Requisition Procedures

The ACL requisition is designed to capture correct information as required by federal or private health care programs and to promote easy, accurate ordering of tests that are reasonable, necessary and supported by the patient record.

  1. Complete a separate test requisition form for each patient.
  2. Record the following:
    • Ordering provider's first and last name and NPI
    • Patient name, date of birth, gender
    • Patient's home phone number, including area code
    • Collection date and time
    • Billing/Insurance information, as necessary (include patient address, insurance plan/number, and policy holder name).
    • Narrative diagnosis, sign or symptom, or ICD-10 code for each test ordered
    • Source of specimens for microbiology and PAP testing
    • Patient address for lead reporting
    • Total volume for 24 hour urine testing (height and weight when clearance is requested)
  3. Mark box(es) with an X indicating the test(s) requested. Use the Comment box to write in test orders for tests not preprinted on the requisition.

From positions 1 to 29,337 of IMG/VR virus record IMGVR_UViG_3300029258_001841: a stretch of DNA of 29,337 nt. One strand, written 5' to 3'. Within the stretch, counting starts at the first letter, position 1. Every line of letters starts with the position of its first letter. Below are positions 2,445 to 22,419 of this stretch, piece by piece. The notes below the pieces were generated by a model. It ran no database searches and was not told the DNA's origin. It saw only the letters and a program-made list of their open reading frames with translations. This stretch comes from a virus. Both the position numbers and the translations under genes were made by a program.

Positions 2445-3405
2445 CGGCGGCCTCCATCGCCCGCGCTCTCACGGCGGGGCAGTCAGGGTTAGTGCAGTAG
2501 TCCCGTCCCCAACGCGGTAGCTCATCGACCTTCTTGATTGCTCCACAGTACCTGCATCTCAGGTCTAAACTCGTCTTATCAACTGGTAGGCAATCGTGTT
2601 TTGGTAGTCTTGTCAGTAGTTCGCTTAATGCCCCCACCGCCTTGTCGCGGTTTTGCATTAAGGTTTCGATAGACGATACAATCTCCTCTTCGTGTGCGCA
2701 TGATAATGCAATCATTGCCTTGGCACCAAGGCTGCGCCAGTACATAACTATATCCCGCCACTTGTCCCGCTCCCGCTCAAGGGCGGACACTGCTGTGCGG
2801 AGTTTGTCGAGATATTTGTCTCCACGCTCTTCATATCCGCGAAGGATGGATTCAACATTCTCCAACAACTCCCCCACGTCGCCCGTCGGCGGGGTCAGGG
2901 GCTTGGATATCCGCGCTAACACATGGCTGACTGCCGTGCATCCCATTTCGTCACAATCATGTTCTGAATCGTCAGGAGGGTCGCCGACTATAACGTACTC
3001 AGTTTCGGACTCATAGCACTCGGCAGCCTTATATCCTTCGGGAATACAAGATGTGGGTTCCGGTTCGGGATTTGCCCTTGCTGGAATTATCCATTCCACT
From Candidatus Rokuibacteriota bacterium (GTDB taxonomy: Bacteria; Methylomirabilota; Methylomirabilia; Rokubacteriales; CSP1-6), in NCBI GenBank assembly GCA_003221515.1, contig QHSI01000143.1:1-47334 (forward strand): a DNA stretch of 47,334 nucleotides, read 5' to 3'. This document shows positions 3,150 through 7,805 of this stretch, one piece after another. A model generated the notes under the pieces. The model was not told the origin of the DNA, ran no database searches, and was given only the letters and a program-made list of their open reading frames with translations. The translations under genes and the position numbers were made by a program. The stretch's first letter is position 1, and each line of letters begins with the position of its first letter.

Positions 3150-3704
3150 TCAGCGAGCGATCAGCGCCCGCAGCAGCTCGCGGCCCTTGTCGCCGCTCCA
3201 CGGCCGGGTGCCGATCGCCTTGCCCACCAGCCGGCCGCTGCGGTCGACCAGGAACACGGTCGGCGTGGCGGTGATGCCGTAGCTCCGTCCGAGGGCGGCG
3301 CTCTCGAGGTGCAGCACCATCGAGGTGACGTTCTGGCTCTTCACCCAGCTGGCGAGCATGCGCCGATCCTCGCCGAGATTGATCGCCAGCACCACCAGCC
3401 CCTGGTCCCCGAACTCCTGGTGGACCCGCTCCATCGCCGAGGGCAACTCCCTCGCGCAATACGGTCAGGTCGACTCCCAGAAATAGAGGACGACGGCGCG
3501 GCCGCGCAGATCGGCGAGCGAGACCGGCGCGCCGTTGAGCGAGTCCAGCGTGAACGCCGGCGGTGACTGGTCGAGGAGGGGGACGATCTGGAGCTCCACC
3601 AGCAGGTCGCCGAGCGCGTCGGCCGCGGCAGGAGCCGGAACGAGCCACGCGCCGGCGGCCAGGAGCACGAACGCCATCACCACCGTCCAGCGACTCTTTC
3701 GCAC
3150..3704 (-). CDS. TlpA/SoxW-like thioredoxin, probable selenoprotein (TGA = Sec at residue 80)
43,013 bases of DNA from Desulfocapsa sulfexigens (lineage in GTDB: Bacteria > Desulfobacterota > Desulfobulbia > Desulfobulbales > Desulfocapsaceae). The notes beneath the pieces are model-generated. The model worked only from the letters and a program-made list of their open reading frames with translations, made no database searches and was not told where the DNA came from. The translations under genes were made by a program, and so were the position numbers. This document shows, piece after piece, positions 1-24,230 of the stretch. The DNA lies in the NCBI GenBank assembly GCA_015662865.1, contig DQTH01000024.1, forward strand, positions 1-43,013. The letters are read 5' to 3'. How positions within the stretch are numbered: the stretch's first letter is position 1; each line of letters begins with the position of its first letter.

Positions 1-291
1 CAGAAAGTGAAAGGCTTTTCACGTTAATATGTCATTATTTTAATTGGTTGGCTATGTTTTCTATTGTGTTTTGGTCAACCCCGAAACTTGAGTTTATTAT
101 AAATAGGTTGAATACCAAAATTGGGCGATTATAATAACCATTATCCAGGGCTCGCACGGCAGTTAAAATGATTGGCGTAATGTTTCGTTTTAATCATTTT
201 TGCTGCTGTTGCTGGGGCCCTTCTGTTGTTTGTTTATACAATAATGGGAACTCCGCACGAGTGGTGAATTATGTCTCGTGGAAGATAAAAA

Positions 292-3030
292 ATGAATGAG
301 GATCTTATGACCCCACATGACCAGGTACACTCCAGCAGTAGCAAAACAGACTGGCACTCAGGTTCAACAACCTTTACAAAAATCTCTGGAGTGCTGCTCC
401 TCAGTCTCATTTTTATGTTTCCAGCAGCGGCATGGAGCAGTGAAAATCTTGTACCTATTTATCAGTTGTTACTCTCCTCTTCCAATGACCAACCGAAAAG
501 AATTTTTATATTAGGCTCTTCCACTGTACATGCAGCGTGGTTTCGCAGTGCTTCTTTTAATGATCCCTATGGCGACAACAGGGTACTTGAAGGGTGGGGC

4. The ordering provider should sign the requisition in the upper right corner whenever possible. Should the ordering provider not sign the requisition, order documentation from the patient's medical record MUST be made available to ACL when requested.
  5. Label each specimen with a requisition sticker from top left hand corner of the requisition. Write the patient's full name on the specimen container or tube.
  6. Indicate the type and number of specimens submitted at the bottom of the test requisition in the appropriate box(es).
  7. Submit the top white copy with the specimen(s).
  8. The yellow copy may be sent to ACL Laboratories with the specimen(s) or retained.
  9. The pink copy may be retained for your records.


When ordering laboratory tests for patients who are enrolled in Medicare or other federally funded insurance programs, reimbursement may be limited to:

  1. Only tests that are medically necessary for the diagnosis or treatment of the patient. Federally funded programs may not pay for non-FDA approved tests or tests considered research or investigational use only.
  2. Medicare does not pay for many tests when ordered as screening. Screening test coverage is limited to those tests included in Preventive Services at the defined frequencies.
  3. If there is reason to believe Medicare will not pay for a test, the patient must be informed via the Advance Beneficiary Notice (ABN) of their financial responsibility if Medicare denies payment.
  4. ACL and client customized panels should be ordered only when every component of the customized panel is medically necessary.